The case must therefore be remanded for an evidentiary hearing on disputed issues of material fact. The parties will be entitled to findings on those issues, whether under Mass.R.Civ.P. 52(a), 365 Mass. 816 (1974), or G. L. c. 215, Section 11, as appearing in St. 1975, c. 400, Section 58. [Note 5] In the course of such a hearing, the probate judge, who obviously has some familiarity with the parties and the locus, may properly take cognizance of the records of his own court showing that the parties have been divorced, see Gordon v. Gordon, 332 Mass. 210,

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213, cert. denied, 349 U.S. 947 (1955), but he may not take judicial notice of the undisclosed basis of the judgment entered in those proceedings. Day v. Crowley, 341 Mass. at 669-670. Ferriter v. Borthwick, 346 Mass. 391, 393 (1963). Leach & Liacos, Handbook of Massachusetts Evidence 29 (1967).

Because the question may arise on retrial, we note that the probate judge was correct in ruling, implicitly, that the "accounting" referred to in G. L. c. 241, Section 25, is confined to matters "in reference to the common land" and would not extend to such unrelated matters as personal property of the defendant which the plaintiff, according to the defendant's answer, "removed from the premises and converted to his own use." Moseley v. Moseley, 240 Mass. 22, 25 (1921). The decree of February 8, 1977, is reversed, and the case is remanded for further proceedings consistent with this opinion. Neither party is to have costs of the proceedings upon this report.

So ordered.

Justice Keville participated in the deliberation on this case and approved the opinion prior to his retirement.


[Note 1] The report was docketed more than one year after the entry on February 8, 1977, of the "interlocutory" decree. As an appeal was timely claimed, no question concerning the power of the single justice arises under Mass.R.A.P. 14(b), 365 Mass. 859 (1974). Compare Commonwealth v. Dorius, 346 Mass. 323, 324 (1963).

[Note 2] According to the judge's statement the divorce judgment was entered on June 16, 1976, "nunc pro tunc as of March 3, 1975." But see Silverstein v. Silverstein, 2 Mass. App. Ct. 94, 97 n.4 (1974). Zildjian v. Zildjian, ante 1, 2 n.2 (1979).

[Note 3] Massachusetts cases appear to have made no definitive ruling on this point. Compare Blitzer v. Blitzer, 361 Mass. at 783; Gleason v. Galvin, 374 Mass. 574, 576 (1978). Some jurisdictions hold that there is a presumption that the former marital partners each acquire an equal share when divorce converts the tenancy by the entirety into a tenancy in common, but evidence may be offered to rebut the presumption. Yax v. Yax, 125 Misc. 851, 852 (Sup. Ct. 1925), aff'd, 217 App. Div. 714 (N.Y. 1926); Doyle v. Hamm, 52 App. Div. 2d 899, 900 (N.Y. 1976); Hipp v. Hipp, 191 F.Supp. 299, 301 (D.D.C. 1960), aff'd, 296 F.2d 429 (D.C. Cir. 1961); Sebold v. Sebold, 444 F.2d 864, 872-873 & n.15 (D.C. Cir. 1971). New Jersey appears to follow this approach also. Compare Ross v. Ross, 35 N.J. Super. 242, 247 (1955), with Goodpasture v. Goodpasture, 115 N.J. Super. 189, 195 (1971), and DiSanto v. Adase, 116 N.J. Super. 226, 228 (1971). By contrast North Carolina holds that a spouse's contributions during the tenancy by the entirety are not reimbursable and that the resultant tenancy in common is in equal shares as matter of law. See Wall v. Wall, 24 N.C. App. 725, 730, cert. denied, 287 N.C. 264 (1975); Branstetter v. Branstetter, 36 N.C. App. 532, 535-536 (1978). Delaware law seems to be to the same effect. See Haas v. Haas. 165 F.Supp. 701, 710 (D. Del. 1958).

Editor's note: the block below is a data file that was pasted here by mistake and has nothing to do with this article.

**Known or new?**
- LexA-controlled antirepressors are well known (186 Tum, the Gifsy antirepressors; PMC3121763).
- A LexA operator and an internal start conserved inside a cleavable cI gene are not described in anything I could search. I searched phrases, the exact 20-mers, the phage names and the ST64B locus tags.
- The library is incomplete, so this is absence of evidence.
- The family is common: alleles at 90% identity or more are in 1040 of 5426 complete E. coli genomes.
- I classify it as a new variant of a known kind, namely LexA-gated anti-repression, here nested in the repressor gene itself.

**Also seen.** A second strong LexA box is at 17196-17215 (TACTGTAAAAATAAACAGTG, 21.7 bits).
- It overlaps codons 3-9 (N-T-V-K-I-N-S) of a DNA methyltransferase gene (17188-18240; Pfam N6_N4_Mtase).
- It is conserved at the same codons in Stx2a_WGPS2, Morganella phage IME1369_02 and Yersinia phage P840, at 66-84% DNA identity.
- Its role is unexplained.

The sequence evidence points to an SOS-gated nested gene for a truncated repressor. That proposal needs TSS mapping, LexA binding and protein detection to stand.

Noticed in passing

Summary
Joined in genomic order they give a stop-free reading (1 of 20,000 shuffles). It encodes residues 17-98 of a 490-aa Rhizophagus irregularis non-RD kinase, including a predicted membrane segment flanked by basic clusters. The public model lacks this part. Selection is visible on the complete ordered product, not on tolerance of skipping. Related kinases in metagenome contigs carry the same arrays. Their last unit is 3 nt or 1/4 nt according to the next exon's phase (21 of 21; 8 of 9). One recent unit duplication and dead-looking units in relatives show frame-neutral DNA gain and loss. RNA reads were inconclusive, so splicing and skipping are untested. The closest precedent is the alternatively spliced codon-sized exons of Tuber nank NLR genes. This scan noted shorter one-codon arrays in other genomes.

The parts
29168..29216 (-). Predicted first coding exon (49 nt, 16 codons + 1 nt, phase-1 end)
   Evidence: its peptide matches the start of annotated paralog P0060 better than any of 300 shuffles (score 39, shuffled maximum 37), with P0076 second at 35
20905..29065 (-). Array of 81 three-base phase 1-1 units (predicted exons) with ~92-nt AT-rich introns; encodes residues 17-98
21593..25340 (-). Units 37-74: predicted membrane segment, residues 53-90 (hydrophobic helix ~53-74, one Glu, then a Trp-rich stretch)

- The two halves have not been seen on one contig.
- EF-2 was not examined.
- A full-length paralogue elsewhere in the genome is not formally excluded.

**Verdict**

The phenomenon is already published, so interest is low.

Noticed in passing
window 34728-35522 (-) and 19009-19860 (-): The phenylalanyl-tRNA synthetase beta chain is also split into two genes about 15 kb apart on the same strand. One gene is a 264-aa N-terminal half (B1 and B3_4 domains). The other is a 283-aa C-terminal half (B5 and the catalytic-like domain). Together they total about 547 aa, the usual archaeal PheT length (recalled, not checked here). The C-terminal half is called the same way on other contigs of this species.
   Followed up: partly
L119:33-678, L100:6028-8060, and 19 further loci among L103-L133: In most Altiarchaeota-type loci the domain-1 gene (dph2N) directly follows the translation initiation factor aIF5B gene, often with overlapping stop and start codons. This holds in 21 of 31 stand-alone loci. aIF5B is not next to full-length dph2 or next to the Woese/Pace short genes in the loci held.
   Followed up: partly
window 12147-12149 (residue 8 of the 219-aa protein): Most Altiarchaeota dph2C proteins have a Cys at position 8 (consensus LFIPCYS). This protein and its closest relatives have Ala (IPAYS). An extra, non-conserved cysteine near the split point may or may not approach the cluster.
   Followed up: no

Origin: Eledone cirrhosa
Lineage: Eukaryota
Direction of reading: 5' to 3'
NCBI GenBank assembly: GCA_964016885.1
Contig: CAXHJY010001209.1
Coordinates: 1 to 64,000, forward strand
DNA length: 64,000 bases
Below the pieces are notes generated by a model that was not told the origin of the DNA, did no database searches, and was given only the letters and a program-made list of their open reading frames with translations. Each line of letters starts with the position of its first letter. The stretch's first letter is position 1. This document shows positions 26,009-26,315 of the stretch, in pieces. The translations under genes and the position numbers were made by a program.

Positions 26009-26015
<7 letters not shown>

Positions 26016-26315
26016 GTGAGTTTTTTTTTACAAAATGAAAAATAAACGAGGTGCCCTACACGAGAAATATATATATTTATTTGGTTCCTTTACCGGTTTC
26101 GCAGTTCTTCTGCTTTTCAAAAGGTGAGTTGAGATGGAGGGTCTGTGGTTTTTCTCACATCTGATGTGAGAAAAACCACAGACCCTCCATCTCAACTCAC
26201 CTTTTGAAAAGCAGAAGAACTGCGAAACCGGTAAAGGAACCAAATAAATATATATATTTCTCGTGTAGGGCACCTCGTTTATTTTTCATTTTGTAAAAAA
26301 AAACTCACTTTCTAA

[Note 4] We similarly decline to speculate on the barren record before us concerning any possible res judicata effect of the judgment entered in the divorce action.

[Note 5] Partition proceedings under G. L. c. 241, Section 2, appear to be treated procedurally as equity proceedings in the Probate Courts, see Clough v. Cromwell, 254 Mass. 132, 135 (1925); Young v. Paquette, 336 Mass. at 674-675, although that point is not clear from the statute. Contrast G. L. c. 241, Section 25. As equity proceedings, partition proceedings would be subject to the Massachusetts Rules of Civil Procedure. See Mass.R.Civ.P. 1, 365 Mass. 730 (1974). If a partition petition is not regarded as one seeking equitable relief, the parties would be entitled to a statutory report of material facts. See Lombard, Probate Law and Practice Section 471 (1962); Nolan, Equitable Remedies Section 431, at 510-511 (1975).